Desperate to draw visitors to Atlantic City, New Jersey officials gave United Airlines more than $100,000 in incentives to fly to the seaside resort for at least a year. Then, when United abruptly canceled the money-losing routes eight months later, the officials appointed by Gov. Chris Christie decided not to enforce a contract provision that required the airline to repay the money. The Atlantic City flights and the debt forgiveness are just two elements of the tangled relationships between the Christie administration, the Port Authority of New York and New Jersey, and United Airlines – New Jersey’s eighth-largest employer. For instance, it was a public agency headed by Christie’s Transportation Commissioner Jamie Fox, a former United lobbyist, that forgave the airline’s debt.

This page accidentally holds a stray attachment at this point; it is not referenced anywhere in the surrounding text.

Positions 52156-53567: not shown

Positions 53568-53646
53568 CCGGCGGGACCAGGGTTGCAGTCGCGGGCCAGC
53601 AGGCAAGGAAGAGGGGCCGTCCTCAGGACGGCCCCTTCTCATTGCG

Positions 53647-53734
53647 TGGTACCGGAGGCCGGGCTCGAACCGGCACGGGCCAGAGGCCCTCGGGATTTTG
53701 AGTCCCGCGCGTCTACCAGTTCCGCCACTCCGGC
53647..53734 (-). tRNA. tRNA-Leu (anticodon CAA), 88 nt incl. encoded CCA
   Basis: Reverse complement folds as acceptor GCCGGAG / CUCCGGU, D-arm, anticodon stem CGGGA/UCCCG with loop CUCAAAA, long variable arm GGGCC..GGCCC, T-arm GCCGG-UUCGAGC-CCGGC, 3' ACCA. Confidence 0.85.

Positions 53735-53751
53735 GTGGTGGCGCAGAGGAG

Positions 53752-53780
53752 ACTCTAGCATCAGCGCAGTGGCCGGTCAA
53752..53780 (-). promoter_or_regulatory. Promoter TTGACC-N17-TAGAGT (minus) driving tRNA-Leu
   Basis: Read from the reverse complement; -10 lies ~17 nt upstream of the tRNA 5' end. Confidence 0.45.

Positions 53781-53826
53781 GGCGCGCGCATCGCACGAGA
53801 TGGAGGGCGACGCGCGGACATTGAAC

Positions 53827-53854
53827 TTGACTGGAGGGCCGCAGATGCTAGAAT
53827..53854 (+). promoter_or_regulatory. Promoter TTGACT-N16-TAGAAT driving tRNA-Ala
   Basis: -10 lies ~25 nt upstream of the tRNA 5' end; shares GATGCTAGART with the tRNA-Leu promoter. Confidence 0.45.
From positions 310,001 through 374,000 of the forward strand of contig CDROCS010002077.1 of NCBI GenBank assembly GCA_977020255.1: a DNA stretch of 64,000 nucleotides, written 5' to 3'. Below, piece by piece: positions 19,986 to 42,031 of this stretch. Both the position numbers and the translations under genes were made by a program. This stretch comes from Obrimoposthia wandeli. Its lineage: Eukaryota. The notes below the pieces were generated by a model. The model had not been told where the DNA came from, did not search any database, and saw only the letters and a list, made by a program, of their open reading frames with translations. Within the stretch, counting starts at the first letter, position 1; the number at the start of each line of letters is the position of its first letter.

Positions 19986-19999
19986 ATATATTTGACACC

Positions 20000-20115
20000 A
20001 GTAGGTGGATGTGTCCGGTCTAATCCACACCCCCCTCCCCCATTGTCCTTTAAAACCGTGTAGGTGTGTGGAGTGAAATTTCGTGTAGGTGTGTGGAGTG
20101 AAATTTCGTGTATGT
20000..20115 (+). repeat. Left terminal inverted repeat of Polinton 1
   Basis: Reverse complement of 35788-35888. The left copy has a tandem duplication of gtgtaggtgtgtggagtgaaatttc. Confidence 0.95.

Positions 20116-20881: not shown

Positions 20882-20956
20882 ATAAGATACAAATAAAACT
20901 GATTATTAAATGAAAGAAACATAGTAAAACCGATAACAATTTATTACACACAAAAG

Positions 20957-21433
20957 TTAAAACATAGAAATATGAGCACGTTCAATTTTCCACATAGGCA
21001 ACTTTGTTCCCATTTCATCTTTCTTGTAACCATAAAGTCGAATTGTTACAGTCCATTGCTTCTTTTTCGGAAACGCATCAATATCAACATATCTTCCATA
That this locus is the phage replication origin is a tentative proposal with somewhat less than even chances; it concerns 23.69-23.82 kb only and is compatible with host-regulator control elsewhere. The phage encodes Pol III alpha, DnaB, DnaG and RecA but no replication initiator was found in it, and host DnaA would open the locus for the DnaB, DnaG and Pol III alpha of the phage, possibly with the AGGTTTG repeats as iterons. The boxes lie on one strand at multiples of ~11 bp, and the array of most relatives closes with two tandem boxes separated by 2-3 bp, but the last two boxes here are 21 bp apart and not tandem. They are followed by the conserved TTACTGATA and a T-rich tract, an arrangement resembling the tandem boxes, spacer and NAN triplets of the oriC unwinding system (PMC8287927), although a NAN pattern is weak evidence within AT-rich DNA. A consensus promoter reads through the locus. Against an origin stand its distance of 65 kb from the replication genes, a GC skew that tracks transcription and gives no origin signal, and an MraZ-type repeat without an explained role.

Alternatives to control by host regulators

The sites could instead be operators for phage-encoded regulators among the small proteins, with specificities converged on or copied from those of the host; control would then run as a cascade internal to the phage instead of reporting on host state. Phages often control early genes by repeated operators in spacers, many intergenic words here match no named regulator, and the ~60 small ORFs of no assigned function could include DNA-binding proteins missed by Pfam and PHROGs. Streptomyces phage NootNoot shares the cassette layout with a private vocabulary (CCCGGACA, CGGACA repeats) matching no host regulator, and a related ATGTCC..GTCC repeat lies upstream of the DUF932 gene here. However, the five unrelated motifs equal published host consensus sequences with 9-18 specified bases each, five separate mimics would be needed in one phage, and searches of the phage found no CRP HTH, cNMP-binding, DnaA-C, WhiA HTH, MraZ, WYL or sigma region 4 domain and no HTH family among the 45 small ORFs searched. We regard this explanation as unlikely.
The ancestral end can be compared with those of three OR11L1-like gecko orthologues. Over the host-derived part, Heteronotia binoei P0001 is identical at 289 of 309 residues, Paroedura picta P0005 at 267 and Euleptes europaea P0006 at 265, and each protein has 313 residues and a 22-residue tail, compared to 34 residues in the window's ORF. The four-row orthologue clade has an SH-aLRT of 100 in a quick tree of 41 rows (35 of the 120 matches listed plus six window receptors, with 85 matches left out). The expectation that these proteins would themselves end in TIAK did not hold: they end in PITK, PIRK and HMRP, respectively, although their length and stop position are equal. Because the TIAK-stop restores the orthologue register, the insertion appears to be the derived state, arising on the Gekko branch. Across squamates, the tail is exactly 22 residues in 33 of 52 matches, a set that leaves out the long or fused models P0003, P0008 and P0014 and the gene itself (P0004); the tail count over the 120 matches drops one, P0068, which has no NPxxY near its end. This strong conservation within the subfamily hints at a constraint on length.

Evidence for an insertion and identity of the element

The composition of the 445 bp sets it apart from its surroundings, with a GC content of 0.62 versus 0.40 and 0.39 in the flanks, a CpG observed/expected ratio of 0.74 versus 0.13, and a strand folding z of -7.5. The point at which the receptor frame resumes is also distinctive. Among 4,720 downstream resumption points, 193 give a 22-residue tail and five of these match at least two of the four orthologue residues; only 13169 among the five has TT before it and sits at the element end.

New York – Power in Money: When is lobbying in N.Y. not lobbying?
Binghamton Press and Sun-Bulletin – Joseph Spector | Published: 9/27/2015

As lobbying spending in New York increased from $144 million in 2005 to $226 million in 2015, so too has the sophistication of the campaigns. No longer is the key to success solely hiring a lobbying firm to stroll the hallways trying to drum up votes. It requires a broad media strategy to win over lawmakers in their districts and in Albany. A review of records shows public-relations firms have collected more than $3 million since 2010 from political campaigns and then worked on efforts to promote key issues before the Legislature through coordinated lobbying efforts. PR firms that can offer a cache of services to public officials and private companies are the new frontier, and state laws have yet to keep up.

New York – U.S. Investigating Contract Awards in Buffalo Turnaround Project
New York Times – Susanne Craig, William Rashbaum, and Thomas Kaplan | Published: 9/27/2015